While I was expecting a firefight on the highway, I hesitated. One reason being while he had his weapon drawn and pointed my way, only my window was down and the muzzle blast would have rang both mine and my boyfriend’s bells. Second, as I drew my weapon, I noticed his female passenger, who was in my line of fire. If one of my bullets struck her, I would be liable for her injuries. Third, I was thinking “how will we get away from this guy?” Mind you, all of this is running through my head while under stress. What would you have done? There are two armed men, each with what I suspect is our significant others within the direct line of fire. After cocking the hammer on my Sig Sauer 9mm, I told my boyfriend to “break contact” by turning off off the road.

As soon as we were off the highway, I called 911 and explained to dispatch what had happened. I gave them the license plate and waited for three hours until a trooper called me back. I explained to the trooper exactly what happened, and was shocked to hear him say that he was impressed by my restraint and ability to remove ourselves from the situation. The trooper asked me to email him a written statement and I did so with as much detail as I could provide. Reports and report writing should be an additional skill we have as gun owners. If you know anything about law; what words you use and how you use them, may be the difference between putting someone behind bars, or finding yourself behind them.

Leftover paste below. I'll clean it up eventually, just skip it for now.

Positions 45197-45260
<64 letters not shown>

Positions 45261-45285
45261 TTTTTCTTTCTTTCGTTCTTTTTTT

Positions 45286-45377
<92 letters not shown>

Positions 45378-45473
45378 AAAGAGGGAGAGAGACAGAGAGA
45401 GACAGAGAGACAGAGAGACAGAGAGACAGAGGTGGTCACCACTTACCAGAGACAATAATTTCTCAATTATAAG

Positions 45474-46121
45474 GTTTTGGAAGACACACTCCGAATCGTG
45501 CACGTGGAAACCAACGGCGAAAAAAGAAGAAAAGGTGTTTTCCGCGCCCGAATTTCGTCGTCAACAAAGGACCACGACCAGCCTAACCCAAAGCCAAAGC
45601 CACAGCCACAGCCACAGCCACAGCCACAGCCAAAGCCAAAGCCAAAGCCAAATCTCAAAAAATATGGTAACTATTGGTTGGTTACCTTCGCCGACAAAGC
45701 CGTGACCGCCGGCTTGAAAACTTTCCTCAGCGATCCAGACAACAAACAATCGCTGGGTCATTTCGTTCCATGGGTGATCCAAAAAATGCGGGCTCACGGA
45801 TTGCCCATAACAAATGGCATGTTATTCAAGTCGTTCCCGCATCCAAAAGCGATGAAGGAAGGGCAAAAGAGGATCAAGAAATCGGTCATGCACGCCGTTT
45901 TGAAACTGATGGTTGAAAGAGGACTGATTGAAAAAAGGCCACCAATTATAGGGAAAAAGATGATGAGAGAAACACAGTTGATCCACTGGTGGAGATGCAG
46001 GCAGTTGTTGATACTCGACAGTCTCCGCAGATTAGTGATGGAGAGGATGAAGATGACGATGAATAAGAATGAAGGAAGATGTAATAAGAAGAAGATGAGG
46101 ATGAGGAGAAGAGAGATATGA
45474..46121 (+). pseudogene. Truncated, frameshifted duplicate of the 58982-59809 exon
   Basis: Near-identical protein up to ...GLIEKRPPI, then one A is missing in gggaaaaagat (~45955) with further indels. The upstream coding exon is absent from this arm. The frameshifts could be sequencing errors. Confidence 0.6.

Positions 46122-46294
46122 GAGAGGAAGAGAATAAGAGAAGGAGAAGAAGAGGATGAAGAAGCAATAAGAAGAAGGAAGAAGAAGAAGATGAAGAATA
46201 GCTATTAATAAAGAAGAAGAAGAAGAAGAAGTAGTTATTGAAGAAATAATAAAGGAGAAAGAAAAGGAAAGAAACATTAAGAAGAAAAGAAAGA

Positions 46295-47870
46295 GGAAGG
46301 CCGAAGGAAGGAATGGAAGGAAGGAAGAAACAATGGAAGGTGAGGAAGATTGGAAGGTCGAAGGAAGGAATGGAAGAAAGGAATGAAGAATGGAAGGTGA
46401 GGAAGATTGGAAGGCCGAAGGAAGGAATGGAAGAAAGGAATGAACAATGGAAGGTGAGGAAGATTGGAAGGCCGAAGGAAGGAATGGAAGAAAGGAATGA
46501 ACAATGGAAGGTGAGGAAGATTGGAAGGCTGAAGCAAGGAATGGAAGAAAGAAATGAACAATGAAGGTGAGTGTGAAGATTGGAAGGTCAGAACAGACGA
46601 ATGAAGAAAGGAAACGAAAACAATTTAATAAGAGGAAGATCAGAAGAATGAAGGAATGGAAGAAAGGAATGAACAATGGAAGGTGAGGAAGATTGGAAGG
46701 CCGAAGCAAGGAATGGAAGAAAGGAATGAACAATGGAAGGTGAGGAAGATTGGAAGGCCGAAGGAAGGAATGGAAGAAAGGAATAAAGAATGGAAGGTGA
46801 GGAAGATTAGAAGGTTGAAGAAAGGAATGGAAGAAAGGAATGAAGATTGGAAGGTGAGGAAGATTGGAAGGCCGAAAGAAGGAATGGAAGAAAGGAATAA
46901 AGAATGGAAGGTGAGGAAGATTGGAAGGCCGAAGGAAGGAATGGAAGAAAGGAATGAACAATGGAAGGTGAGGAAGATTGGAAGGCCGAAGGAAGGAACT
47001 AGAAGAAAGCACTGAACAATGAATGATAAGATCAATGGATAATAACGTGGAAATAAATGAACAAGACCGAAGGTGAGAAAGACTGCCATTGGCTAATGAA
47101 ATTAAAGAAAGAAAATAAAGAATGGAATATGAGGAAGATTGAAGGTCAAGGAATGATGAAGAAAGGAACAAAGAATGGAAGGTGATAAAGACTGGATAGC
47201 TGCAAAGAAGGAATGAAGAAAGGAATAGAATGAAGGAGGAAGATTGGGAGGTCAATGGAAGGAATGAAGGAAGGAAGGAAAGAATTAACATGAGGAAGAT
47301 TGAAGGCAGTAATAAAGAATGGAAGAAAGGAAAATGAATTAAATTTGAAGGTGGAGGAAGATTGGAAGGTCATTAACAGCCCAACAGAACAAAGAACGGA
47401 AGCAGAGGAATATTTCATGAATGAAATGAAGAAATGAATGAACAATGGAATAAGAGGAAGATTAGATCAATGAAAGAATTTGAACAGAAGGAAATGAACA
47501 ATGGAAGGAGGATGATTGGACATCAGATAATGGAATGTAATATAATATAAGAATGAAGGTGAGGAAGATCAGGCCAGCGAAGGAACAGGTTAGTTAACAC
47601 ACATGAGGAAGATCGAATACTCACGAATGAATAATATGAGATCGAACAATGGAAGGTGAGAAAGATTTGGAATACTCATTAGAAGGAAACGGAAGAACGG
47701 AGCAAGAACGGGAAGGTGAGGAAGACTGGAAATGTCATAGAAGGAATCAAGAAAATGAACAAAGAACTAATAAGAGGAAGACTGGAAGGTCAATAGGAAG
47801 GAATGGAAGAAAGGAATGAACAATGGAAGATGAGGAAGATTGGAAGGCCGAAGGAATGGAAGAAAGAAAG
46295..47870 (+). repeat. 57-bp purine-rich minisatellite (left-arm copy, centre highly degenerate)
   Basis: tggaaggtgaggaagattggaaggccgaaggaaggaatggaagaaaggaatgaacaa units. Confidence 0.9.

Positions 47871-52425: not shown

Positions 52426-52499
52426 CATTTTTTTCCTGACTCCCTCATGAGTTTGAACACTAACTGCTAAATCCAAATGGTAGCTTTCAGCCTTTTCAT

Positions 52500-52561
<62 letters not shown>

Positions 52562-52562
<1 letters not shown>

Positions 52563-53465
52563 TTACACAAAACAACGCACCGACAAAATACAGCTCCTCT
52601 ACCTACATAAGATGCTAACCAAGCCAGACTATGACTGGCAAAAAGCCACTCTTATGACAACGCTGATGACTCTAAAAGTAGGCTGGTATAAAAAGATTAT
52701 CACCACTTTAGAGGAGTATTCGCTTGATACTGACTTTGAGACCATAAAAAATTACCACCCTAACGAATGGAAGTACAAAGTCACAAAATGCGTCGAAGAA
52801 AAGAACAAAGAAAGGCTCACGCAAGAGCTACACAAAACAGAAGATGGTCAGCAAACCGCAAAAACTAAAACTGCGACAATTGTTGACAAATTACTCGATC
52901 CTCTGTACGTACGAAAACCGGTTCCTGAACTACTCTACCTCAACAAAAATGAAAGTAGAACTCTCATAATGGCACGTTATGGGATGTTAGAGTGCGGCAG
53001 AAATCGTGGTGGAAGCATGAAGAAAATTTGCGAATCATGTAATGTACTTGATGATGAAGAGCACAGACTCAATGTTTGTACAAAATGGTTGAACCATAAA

In summary, you can never train enough. You can put rounds on paper all day long, but you will never know how to respond when your body chemistry changes. The sight of a hostile threat will release adrenaline, a chemical that raises your blood pressure, your heart rate, can cause your vision to tighten into “tunnel vision.” Perhaps you might get the “deer in the headlights” look. Being uncommon, stress training should be an activity that responsible gun owners engage in. Regardless, if you carry every day, or if you simply keep your grandfather’s shotgun in the closet thinking “just in case,” you should mix things up at the range. A common way that I myself stress train is by simply jogging for a minute or two prior to engaging the paper bad guy down range. Yes, it really is that simple. Get your heart rate going and try to put rounds center mass. I hope that you take away something from my experiences and apply them to a situation that you might find yourself in. I pray that never happens, but trouble can find us when we least expect it and we should all be prepared, should the need arise. Stay safe and stay frosty.